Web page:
In a fourth-round showdown between two of last year’s Grand Slam champions, No.22 seed Elena Rybakina upset top-ranked Iga Swiatek 6-4, 6-4 in an hour and a half to make her first Australian Open quarterfinal.

Rybakina will face another major champion and first-time Australian Open quarterfinalist in the elite eight: No.17 seed Jelena Ostapenko, who ousted No.7 seed Coco Gauff.

Here are some takeaways from 2022 Wimbledon champion Rybakina’s victory over three-time major titlist Swiatek:

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Rybakina possesses big-match confidence: The Kazakh already proved she could power her way to a Grand Slam title with her booming serve and winners at 2022 Wimbledon. Sunday's match was the first meeting between reigning major champions since Ashleigh Barty beat Barbora Krejcikova in the Cincinnati quarterfinals in the summer of 2021.

Rybakina had nine previous Top 10 wins on her resume, two of those coming at Grand Slams. Before Sunday, she had never beaten a current World No.1, having lost twice to then top-ranked Ashleigh Barty, but the signs were already present that it was only a matter of time.

"I actually played at Rod Laver [Arena] against Ash Barty in 2020," Rybakina said in her post-match press conference. "I started well [that] season: I won in Hobart and then third round against her, and it was unbelievable crowd, of course.

"I kind of knew what to expect on these big courts, and I just tried to do my best and tried to focus on my serve. A few games were not really successful on my serve, but in the end I think I did a good job."

Previous experience helps: Rybakina also had a win over Swiatek to look back on, even though it didn’t count in their official head-to-head. Swiatek had won their one previous professional meeting in Ostrava last year, but they had squared off twice in the juniors, splitting those matches.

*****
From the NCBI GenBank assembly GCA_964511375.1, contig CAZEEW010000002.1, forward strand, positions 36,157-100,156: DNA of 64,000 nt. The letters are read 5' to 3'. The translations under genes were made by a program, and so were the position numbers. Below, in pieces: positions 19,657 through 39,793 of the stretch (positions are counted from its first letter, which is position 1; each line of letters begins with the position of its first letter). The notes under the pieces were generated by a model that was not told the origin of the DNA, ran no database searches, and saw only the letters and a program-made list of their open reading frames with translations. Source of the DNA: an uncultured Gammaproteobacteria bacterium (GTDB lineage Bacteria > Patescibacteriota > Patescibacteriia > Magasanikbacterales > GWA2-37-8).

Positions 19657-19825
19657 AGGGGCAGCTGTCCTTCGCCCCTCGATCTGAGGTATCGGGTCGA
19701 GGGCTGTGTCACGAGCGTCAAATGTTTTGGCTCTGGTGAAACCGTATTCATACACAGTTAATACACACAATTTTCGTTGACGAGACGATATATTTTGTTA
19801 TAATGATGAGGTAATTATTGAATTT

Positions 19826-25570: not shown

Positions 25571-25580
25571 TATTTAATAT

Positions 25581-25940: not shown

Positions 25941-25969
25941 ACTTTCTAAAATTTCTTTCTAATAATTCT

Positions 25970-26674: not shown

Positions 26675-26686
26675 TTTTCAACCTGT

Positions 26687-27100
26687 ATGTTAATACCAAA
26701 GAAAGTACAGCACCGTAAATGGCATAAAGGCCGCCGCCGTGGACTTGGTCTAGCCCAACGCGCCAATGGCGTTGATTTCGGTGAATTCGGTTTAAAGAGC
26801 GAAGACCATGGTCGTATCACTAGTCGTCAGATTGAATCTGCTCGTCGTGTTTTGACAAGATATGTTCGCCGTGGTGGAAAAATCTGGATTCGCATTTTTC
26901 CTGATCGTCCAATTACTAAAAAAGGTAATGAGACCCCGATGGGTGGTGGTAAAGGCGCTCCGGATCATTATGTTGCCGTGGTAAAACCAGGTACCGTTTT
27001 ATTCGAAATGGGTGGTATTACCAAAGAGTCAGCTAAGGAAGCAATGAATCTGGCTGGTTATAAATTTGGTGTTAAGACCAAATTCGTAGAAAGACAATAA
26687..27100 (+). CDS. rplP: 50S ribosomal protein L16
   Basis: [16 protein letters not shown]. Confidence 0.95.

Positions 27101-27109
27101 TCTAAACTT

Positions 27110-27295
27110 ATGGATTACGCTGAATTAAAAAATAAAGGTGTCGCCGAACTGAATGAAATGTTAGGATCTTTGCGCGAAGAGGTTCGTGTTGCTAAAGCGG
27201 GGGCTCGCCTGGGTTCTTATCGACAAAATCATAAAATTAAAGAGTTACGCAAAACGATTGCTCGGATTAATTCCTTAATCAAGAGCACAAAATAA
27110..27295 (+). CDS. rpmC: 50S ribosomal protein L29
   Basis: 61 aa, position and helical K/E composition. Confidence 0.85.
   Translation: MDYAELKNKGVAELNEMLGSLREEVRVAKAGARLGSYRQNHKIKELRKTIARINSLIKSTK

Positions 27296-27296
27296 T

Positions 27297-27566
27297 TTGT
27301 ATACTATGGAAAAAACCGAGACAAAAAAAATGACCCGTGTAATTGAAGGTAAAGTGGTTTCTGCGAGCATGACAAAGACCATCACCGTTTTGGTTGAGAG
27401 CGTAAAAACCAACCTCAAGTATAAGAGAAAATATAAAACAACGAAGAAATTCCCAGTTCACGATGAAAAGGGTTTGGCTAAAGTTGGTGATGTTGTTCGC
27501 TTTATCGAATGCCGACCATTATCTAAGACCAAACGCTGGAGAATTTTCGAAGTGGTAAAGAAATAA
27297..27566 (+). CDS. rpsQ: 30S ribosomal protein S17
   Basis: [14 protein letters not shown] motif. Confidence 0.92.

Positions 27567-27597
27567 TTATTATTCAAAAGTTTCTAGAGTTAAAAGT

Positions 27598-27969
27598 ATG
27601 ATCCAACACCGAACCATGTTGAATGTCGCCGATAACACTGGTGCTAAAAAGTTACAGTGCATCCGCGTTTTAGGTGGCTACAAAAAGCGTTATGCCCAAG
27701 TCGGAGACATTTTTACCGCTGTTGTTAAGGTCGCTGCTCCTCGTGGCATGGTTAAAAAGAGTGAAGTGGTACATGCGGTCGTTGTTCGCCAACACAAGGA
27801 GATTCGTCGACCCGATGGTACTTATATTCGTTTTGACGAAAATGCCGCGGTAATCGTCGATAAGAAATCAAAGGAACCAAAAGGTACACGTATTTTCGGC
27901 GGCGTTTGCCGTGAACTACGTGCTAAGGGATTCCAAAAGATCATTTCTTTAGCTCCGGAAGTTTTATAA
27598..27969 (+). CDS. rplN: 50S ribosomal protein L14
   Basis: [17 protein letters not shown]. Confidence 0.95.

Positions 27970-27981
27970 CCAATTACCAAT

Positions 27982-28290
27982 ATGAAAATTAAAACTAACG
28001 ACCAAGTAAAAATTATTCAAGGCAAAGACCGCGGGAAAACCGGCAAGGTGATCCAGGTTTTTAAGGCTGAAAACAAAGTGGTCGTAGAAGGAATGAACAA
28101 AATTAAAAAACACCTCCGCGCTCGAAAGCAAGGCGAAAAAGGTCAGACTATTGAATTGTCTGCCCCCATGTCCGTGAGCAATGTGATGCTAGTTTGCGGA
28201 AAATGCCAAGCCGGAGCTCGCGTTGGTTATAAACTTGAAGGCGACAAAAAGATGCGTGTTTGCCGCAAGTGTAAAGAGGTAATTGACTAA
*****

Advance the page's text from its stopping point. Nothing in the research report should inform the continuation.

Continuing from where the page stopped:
"It was a really tough match," Rybakina said about her juniors victory over Swiatek at 2017 Milan. "I think we played three sets. It was super long. I remember some good rallies. It was on clay, different surface.

"But I think against Iga, it's always tough battles, no matter if I win or lose. I think our style of the game is naturally we kind of like having these tough battles."

The first shot set Rybakina apart early: Rybakina showed little resistance about attacking the Swiatek second serve, leading to an early 2-0 advantage in the first set. Swiatek was equally as impressive, winning second-return points as she pulled back level at 2-2.

But Rybakina cracked another backhand return winner to break Swiatek again for 4-3 and was impenetrable on serve from there. Rybakina totaled four aces in the opening frame.

Rybakina won 79 percent of her first-service points in the first set, well ahead of Swiatek’s 63 percent success rate.

"For sure when you play against No.1, I think you have really nothing to lose," Rybakina said. "I knew that I had to be aggressive from the first ball because she's a great mover, and she defends really well. So I was trying to just attack her from the first ball, and it really worked well."

Tidier second set sealed the surprise: In the opening set, Rybakina had more unforced errors than winners, but in the second set, she cleaned up her ground game, which rose to the level of her serves and returns.

After falling behind 3-0, Rybakina recovered and won six of the next seven games to finish off the upset. In that second set, she had 11 winners to nine unforced errors. Swiatek, on the other hand, had six winners to eight unforced errors.

Rybakina now faces the challenge of Ostapenko in the quarterfinals. Ostapenko has won both of their previous meetings in straight sets.